The Open Cities Project aims to catalyze the creation, management and use of open data to produce innovative solutions for urban planning and resilience challenges across South Asia.
In South Asia, rural to urban migration is occurring at a rate of 6-7 percent annually, making it one of the most rapidly urbanizing regions in the world. As urban populations and city boundaries grow, so does the difficulty of managing urban growth. To do so effectively, and build resilient and sustainable societies through the process, policy-makers and the public must have access to robust and accurate data. Only once this data is in place, can smart tools be created to inform decisions. These include where and how to build safer schools, how to protect urban areas against future climate impacts, or how to improve a city’s transport network to meet growing demand.
Given this context, the Open Cities Project is composed of two complementary components. The first part of the initiative is to gather asset and exposure data in urban areas. This is an important step toward creating a robust asset inventory, which will form the base layer of urban planning and risk information systems. The second part of the project involves facilitating ongoing civic hacking engagements that leverage the asset data collected in South Asia to create tools and applications that improve urban planning and disaster resilience across the region. The Open Cities Project enables the collection of data through open and participatory methods and is conducted in partnership with local government agencies, universities, technical communities, and the private sector. This approach, as demonstrated in other World Bank projects in Haiti, Indonesia, and Tanzania, allows a broad range of members in society to participate in the effort to understand and improve urban resilience.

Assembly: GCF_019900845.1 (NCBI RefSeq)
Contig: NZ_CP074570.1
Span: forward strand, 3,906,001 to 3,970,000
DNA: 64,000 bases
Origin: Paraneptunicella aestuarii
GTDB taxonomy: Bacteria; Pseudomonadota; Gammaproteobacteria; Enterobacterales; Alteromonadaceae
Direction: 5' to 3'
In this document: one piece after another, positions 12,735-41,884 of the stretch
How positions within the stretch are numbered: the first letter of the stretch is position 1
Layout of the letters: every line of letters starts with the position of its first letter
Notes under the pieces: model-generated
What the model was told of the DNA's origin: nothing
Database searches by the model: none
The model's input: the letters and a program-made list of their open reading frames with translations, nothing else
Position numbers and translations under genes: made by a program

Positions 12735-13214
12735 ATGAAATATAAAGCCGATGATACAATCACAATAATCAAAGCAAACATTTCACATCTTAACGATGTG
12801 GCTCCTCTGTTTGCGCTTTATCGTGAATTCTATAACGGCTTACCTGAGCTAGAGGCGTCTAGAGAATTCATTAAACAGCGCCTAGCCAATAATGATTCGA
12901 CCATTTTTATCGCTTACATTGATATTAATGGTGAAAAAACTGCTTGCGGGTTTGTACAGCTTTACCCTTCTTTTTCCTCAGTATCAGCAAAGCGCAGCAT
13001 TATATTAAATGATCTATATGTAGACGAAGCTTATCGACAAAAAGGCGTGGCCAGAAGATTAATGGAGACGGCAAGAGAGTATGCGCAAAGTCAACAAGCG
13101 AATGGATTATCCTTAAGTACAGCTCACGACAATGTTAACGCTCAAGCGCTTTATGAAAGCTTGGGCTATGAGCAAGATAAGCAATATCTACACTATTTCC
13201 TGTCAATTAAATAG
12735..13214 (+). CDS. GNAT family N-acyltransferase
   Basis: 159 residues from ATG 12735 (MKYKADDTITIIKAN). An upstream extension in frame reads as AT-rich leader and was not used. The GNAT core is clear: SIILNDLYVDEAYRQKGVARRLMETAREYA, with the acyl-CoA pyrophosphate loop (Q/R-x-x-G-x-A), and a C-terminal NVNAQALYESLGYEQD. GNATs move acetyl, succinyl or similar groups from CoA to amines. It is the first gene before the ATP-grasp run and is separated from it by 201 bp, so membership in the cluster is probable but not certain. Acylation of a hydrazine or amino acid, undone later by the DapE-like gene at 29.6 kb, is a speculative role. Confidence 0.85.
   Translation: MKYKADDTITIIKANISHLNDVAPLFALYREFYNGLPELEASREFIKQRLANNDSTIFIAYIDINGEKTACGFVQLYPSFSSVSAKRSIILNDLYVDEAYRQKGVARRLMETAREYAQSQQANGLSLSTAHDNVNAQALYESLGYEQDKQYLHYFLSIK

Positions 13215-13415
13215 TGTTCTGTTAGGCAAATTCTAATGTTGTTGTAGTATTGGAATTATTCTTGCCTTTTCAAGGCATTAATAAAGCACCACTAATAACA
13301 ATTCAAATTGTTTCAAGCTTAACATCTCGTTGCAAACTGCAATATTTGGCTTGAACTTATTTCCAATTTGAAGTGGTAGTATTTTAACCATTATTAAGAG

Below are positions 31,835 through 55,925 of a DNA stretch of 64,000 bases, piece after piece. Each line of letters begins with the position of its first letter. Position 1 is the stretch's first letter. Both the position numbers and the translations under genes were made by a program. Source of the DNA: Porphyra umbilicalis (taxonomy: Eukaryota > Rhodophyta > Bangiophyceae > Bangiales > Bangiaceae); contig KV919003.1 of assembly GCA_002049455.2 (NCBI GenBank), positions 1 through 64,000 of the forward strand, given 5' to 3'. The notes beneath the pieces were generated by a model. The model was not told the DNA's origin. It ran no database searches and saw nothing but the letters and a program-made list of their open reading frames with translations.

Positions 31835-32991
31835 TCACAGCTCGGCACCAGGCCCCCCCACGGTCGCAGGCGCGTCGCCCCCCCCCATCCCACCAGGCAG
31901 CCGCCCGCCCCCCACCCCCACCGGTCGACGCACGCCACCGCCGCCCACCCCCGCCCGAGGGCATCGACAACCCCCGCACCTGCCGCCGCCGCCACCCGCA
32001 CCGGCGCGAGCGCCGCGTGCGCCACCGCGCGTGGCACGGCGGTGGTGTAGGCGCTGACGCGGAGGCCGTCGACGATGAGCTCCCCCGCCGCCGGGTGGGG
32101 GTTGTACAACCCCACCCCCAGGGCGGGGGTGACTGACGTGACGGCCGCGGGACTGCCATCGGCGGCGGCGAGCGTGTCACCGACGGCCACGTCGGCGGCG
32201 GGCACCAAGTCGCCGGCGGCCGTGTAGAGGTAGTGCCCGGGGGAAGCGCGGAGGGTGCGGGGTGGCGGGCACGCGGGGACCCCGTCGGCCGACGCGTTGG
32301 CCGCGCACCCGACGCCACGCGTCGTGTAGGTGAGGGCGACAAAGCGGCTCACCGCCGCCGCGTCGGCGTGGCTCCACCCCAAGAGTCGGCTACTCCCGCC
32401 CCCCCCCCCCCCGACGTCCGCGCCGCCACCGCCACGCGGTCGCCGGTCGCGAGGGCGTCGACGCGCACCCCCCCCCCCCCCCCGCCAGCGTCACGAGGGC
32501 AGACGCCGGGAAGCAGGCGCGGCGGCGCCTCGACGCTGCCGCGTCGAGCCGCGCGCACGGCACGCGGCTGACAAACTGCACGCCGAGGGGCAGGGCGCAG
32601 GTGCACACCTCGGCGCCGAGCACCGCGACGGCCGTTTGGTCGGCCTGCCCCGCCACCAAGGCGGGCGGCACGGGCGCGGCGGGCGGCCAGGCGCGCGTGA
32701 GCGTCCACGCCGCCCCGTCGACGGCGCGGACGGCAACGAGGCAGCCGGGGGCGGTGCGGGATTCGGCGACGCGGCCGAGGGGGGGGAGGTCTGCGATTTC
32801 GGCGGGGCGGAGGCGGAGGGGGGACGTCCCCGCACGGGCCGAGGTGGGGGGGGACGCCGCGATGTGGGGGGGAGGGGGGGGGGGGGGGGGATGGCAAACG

Become a part of the community creating better data and better tools for urban planning and disaster resilience. For more information on joining the Open Cities Project, please contact Sonam Velani of The World Bank's Sustainable Development Department - South Asia Region